Sporting her trademark pompadour and black and white wardrobe, singer Janelle Monáe has come a long way from slanging her unofficial first studio album out of an Atlanta boarding house back in 2003. Most recently, she rocked out at the BET Awards and Essence Festival in New Orleans and even graced the cover of the magazine's May issue. And between the release of her official debut, The ArchAndroid, Monáe has racked up other superlatives, including six-time Grammy Award nominee, CoverGirl spokeswoman, alternative culture role model and friend of music legend Prince.

Now, she’s set to release her second album, The Electric Lady, on September 10. So far, she’s already created quite the buzz with her video for the album’s first single, “Q.U.E.E.N,” which features singer Erykah Badu and a funky throwback beat and bass line. Monáe has also teamed up with Target, allowing fans to pre-order the album with exclusive bonus tracks, including a remix to “Q.U.E.E.N” and cover of the Jackson 5’s “I Want You Back.” caught up with Monáe recently to get the details on her new album.

EBONY: Let’s talk about the new album, The Electric Lady. When is the release date and what can you tell us about project in terms of inspirations, themes, and production?

Janelle Monáe: Yes! The Electric Lady, the follow up to The ArchAndroid will be released September 10, 2013. I’m extremely excited to showcase what we’re working on. I got a chance to put on my production hat this time around. There are also some excellent collaborations on this album. I got to work with and produce my friend Erykah Badu for the first single, "Q.U.E.E.N." I also had the chance to co-produce Miguel, Esperanza Spalding and Prince. With Prince, I got the opportunity to produce an icon. It was like a dream.

EBONY: How would you describe The Electric Lady as a body of work?

JM: All of my albums are conceptual and this one is no different in that sense. There’s a quote I really like by the director Alejandro Jodorowsky, who said, "I am like the rain, I go where I'm needed.” The album is a strong R&B album because R&B really did need something to it. One of my goals was to create something that stretched R&B.  I wanted to evoke Jimi Hendrix, Chuck Berry, Bo Diddley. People may not realize they’re really the roots of a lot of music and that R&B doesn’t have to all [sound] the same.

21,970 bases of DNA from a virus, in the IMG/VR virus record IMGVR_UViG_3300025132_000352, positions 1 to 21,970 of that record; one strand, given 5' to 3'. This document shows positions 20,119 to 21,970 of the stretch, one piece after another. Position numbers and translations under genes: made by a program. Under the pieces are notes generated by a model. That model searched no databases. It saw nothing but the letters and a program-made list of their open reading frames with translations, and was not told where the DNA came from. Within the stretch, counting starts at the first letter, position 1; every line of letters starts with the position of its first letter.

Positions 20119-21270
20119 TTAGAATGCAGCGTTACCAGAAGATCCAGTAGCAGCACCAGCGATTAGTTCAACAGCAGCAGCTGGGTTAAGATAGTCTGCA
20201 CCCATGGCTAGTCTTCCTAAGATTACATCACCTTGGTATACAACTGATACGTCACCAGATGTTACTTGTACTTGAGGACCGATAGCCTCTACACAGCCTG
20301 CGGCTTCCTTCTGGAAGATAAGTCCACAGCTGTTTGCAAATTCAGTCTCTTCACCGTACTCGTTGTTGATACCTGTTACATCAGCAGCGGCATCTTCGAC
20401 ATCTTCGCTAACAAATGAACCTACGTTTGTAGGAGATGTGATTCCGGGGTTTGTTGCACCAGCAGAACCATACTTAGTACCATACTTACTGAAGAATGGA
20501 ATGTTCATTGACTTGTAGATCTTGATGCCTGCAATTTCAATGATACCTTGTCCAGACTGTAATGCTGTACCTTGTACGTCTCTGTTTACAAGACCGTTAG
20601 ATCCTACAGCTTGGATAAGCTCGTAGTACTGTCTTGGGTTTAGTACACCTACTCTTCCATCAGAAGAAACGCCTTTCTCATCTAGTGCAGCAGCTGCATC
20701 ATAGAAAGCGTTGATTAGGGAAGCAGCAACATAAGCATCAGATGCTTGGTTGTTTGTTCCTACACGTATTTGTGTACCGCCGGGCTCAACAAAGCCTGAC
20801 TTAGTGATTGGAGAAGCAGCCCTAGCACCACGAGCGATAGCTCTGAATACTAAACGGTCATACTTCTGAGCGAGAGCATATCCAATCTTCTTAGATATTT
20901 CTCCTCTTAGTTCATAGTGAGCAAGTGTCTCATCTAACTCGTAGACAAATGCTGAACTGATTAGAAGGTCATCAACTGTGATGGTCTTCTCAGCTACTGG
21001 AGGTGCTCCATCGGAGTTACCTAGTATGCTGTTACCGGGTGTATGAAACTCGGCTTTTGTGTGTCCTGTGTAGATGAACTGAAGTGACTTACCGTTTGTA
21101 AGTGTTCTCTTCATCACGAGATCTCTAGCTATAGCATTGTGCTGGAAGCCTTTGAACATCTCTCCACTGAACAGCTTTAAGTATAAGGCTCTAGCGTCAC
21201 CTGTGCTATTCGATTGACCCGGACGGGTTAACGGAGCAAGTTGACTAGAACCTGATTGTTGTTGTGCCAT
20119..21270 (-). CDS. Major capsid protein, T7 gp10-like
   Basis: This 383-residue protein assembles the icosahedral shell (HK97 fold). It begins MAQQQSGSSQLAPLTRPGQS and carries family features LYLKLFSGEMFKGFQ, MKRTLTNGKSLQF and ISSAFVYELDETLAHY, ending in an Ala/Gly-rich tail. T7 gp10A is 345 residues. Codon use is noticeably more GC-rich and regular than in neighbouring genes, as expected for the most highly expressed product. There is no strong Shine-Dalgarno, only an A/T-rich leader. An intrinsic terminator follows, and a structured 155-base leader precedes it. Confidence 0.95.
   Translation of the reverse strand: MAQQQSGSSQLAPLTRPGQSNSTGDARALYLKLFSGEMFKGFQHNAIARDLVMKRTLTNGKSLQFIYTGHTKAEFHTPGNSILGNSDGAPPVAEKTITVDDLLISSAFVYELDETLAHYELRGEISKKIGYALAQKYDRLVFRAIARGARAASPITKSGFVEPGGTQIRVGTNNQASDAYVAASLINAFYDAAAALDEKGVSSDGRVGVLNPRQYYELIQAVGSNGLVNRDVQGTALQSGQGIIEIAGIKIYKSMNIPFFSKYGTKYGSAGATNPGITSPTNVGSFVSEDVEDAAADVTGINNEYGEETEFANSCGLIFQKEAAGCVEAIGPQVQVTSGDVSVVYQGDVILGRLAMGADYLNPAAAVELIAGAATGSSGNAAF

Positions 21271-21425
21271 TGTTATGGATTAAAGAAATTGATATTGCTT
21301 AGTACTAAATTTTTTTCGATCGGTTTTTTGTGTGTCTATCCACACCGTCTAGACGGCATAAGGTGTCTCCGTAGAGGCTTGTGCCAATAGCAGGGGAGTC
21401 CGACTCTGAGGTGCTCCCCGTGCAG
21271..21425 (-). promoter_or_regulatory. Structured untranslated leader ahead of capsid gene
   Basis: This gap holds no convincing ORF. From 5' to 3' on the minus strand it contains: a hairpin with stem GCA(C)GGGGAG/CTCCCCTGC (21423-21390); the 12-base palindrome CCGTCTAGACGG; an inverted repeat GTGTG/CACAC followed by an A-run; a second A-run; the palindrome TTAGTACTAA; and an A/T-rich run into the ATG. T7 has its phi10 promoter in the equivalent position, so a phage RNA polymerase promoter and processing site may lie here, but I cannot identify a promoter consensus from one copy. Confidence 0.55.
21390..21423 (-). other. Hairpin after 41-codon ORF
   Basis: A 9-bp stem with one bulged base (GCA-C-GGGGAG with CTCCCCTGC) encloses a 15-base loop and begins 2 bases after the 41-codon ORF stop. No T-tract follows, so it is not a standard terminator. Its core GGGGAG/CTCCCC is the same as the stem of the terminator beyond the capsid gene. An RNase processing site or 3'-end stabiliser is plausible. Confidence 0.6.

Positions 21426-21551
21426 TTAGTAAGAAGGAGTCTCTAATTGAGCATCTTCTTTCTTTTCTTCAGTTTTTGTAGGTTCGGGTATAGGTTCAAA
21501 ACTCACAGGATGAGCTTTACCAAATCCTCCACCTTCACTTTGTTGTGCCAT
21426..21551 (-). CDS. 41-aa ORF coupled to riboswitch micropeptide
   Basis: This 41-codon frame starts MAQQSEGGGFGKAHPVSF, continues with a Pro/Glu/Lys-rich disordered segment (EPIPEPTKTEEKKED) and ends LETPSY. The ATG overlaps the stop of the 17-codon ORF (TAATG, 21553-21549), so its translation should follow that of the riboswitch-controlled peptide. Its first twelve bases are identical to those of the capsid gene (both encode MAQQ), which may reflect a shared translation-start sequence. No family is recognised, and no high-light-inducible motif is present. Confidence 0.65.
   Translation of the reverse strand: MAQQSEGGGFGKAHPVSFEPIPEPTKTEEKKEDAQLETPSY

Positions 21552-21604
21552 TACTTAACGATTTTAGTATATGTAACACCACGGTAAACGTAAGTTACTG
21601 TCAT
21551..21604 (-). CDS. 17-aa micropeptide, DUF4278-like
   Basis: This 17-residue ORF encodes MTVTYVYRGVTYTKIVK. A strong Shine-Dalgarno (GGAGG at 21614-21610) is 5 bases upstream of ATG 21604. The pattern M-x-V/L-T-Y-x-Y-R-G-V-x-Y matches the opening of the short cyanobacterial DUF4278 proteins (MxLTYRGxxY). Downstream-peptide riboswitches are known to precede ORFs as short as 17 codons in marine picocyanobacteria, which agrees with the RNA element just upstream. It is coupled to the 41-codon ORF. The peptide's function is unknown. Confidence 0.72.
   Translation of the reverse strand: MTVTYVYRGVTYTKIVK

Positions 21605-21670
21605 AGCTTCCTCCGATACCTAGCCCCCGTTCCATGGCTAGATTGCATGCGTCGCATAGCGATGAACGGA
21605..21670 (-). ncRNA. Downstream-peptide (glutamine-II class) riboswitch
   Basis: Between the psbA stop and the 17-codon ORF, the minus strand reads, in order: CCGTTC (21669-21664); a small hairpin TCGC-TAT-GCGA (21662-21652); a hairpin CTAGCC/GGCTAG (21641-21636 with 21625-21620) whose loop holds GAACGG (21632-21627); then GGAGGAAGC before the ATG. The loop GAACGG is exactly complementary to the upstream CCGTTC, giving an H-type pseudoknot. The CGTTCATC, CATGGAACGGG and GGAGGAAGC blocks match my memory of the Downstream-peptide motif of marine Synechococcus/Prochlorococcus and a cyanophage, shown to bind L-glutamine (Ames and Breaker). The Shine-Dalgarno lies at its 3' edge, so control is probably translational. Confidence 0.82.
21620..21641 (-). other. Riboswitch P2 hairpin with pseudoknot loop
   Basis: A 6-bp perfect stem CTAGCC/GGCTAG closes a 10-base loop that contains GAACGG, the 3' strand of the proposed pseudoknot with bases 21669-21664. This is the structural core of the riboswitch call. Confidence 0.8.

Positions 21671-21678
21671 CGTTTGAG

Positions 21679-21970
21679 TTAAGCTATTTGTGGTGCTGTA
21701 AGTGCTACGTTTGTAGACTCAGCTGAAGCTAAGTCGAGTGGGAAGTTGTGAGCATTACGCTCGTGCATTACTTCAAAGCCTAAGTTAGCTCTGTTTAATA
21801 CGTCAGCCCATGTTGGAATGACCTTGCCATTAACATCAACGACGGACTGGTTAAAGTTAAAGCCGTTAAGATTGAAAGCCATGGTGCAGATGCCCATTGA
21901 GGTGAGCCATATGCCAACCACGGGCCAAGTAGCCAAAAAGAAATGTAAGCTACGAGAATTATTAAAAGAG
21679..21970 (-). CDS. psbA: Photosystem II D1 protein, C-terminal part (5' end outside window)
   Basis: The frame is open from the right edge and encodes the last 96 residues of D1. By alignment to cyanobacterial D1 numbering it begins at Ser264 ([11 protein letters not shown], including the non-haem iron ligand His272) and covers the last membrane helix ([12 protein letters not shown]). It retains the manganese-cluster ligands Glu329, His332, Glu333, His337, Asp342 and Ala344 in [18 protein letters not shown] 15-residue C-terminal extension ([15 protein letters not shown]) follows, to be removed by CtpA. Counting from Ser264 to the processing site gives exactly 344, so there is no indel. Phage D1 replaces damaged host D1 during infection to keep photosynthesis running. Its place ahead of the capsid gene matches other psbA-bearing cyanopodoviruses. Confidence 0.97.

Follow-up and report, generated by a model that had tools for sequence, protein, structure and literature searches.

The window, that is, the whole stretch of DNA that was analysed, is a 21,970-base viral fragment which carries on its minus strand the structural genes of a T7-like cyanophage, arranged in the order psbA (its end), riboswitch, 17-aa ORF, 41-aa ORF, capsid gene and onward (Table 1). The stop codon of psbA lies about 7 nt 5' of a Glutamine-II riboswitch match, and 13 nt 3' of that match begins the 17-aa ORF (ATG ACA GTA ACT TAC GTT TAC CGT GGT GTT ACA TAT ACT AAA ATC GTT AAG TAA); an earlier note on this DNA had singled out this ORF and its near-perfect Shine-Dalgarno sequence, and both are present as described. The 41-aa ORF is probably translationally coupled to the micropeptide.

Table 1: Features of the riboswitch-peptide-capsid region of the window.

EBONY: What inspired this album title?

JM: I love speaking about the future. It gives us the chance to do and be something greater. For this album, my own painting inspired me. I would paint on stage. I would paint this woman, the silhouette of a woman every night. I talked to people about it and was encouraged to name her. I thought about it and decided to call her The Electric Lady. I asked myself what she would think about life, love, making love and that helped me develop some of the themes of the album.

EBONY: You talk often about authenticity and it sounds like a part of your creative process is about staying present and grounded. How do you achieve that?

JM: You have to have a great support system behind you, people that help you meet your goals. I’ve been blessed with an incredible team in everyone at the Wondaland Arts Society. You have to stay around that kind of family environment to remain comfortable in your own skin. That’s really important.

EBONY: People love your music for its strong social commentary. What are your goals with this album?

JM: You know, the great thing about what I do as an artist is that I can make music to take people out of these ruts, away from what’s going on around them and inspire them and speak against things like the marginalization of certain groups, for example. I put that into my music. I try to help people focus because we’re in a time when people are out of control. I don’t want to just talk about it. I want to inspire people to do and be more.

Donovan X. Ramsey is a multimedia journalist who writes about all things social, political, cultural, financial and whimsical. Follow him on Facebook and Twitter @iDXR, or